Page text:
However we can't forget the phase issue. Depending on where the noise source is located, it might be three inches farther from one mic than it is from the other. Now as an example, let's assume the noise frequency is 2,200 Hz. Sound travels roughly 1,100 feet/second. 2,200 Hz will have a wavelength of 1/2 foot = 6 inches. Three inches is exactly one half of a wavelength. So with our three-inch mic spacing, the two mics will pick up that noise frequency exactly out of phase. When we then invert the polarity of one of the mics (for the noise subtraction configuration), we will invert the acoustically out-of-phase signal, and the two signals will end up being exactly in phase. At that point, the two mics will reinforce, and we will have a loud noise peak!

The solution is to reduce the spacing between mics, so that this peak moves up out of the desired frequency range. Let's say we define the high frequency limit as around 8,000 Hz. If we make the spacing between mics 1/4 of our initial example, or 3/4 inch, we move the above described peak from 2,200 Hz up to 8,800 Hz, where it won't be a problem. But now the "desired" mic needs to be 1/4 as far from the mouth as it was in the first example: 1/4 inch. You can see how the "lip mic" concept evolved.

Suffice it to say that sound picked up right at the lips does not sound realistic, because that's not where our ears are normally located when listening to someone speak. There are other issues, too. But the bottom line is that simple subtraction is not a solution.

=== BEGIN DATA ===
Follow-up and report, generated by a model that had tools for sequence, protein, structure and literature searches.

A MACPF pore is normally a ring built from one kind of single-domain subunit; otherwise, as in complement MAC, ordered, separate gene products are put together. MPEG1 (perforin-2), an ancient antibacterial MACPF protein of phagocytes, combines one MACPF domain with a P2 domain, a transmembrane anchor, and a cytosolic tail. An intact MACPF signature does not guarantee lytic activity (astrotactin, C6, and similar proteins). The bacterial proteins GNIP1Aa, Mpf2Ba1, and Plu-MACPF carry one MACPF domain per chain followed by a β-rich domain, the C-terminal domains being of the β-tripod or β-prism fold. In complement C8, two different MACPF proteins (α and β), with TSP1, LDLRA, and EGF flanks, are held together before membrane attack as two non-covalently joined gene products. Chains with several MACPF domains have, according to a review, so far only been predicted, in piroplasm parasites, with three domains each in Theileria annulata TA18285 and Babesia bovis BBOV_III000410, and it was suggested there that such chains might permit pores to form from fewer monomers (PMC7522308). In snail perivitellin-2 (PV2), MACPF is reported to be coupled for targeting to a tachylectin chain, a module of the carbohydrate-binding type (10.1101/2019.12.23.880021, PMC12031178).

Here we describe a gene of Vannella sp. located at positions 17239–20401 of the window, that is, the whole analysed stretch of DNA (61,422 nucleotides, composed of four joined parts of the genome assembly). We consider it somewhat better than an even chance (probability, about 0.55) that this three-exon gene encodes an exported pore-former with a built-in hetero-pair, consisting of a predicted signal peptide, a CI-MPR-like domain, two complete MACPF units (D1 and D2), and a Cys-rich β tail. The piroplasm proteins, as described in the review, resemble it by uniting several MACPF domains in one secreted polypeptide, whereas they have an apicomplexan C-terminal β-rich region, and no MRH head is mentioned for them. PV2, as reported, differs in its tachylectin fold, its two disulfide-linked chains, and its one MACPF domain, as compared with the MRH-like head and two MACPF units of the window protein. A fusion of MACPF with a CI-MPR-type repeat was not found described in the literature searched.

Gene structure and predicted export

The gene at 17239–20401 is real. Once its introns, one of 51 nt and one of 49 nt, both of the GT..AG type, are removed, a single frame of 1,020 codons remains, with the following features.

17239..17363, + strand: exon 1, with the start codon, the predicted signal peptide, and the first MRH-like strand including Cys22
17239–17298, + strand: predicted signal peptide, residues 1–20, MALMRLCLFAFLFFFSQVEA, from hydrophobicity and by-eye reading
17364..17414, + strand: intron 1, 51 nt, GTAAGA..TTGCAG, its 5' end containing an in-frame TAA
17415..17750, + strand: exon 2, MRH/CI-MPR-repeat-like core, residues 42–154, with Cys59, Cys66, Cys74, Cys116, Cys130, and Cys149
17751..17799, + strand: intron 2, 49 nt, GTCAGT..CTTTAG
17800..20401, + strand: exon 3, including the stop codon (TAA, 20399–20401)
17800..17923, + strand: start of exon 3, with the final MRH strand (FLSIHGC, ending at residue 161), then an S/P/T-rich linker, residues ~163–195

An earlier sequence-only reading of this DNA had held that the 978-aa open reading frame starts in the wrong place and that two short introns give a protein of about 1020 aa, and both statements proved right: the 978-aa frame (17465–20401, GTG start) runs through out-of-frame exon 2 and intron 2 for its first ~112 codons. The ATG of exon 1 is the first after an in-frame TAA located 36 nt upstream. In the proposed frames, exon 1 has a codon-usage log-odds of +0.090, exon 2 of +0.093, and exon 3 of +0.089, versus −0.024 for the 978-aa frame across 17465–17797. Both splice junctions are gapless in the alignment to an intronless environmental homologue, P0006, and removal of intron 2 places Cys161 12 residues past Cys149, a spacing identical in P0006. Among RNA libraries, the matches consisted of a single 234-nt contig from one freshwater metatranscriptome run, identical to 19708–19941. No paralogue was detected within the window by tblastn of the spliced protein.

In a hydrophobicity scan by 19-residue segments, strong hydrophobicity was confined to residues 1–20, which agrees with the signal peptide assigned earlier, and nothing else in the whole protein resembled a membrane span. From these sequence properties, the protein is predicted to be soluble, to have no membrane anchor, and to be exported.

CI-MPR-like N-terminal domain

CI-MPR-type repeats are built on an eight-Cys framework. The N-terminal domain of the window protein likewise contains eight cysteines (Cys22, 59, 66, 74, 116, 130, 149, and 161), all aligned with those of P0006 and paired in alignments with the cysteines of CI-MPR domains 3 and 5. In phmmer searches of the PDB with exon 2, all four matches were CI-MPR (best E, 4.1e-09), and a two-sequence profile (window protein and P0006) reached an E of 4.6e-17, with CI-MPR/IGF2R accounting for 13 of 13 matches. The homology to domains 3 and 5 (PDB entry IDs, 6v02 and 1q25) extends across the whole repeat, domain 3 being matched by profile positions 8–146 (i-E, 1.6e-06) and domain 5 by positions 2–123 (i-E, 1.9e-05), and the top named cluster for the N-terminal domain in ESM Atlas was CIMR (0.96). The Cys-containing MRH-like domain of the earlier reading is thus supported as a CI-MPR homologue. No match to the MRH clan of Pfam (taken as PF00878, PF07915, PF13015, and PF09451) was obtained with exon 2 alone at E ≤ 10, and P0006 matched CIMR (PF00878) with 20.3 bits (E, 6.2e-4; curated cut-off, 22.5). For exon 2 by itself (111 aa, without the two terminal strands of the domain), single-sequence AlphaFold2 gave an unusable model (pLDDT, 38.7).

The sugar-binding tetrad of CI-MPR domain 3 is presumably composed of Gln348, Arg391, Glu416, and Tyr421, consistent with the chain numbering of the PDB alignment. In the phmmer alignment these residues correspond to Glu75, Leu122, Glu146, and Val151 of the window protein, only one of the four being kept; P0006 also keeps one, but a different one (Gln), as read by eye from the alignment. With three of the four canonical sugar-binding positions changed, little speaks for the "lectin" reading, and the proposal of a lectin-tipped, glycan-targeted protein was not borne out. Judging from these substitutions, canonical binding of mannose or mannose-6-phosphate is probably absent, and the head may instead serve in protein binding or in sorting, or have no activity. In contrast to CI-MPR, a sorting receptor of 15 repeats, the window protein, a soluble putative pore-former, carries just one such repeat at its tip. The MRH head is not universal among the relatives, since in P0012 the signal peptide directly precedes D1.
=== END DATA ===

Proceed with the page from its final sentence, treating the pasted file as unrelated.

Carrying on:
Quote:
Originally Posted by Oren Arieli View Post
I'm guessing that the DSP technology is pretty well advanced
I think that's what would be needed to solve the problem. Think about the noise filters in a program like Adobe Audition. You first get a noise spectrum, then use that to set the threshold on a narrow-band downward expander, and finally pass the "noisy" audio through the expander. The subtleties (of the desired signal) which are below the threshold are somewhat lost, but the noise reduction is good. Most importantly, there is no phase issue between the noise and the desired signal; it's only a matter of threshold at each narrow frequency band.

If one could design a DSP system where the "noise" mic was continuously sampled and processed to obtain the threshold settings - in real time! - and then the "desired" mic was fed through the expander, that might have pretty good results. Certainly there is some DSP being done now to achieve echo cancellation and noise gating. But doing it realtime in a very narrow-band application would be more intensive. I'll bet someone is working on it in a back room somewhere...
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Old July 21st, 2012, 11:32 AM   #7
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Re: Active noise cancellation for lavs?

Well said, Gregg. I've witnessed amazing technical advancements that seem to defy the laws of physics. This type of mic would be another win for science (and us). It's not a cure for cancer, so it may seem frivolous. But think of all the other seemingly insignificant scientific steps that lead to real breakthroughs in other fields. As Issac Newton said "If I have seen further it is by standing on the shoulders of giants."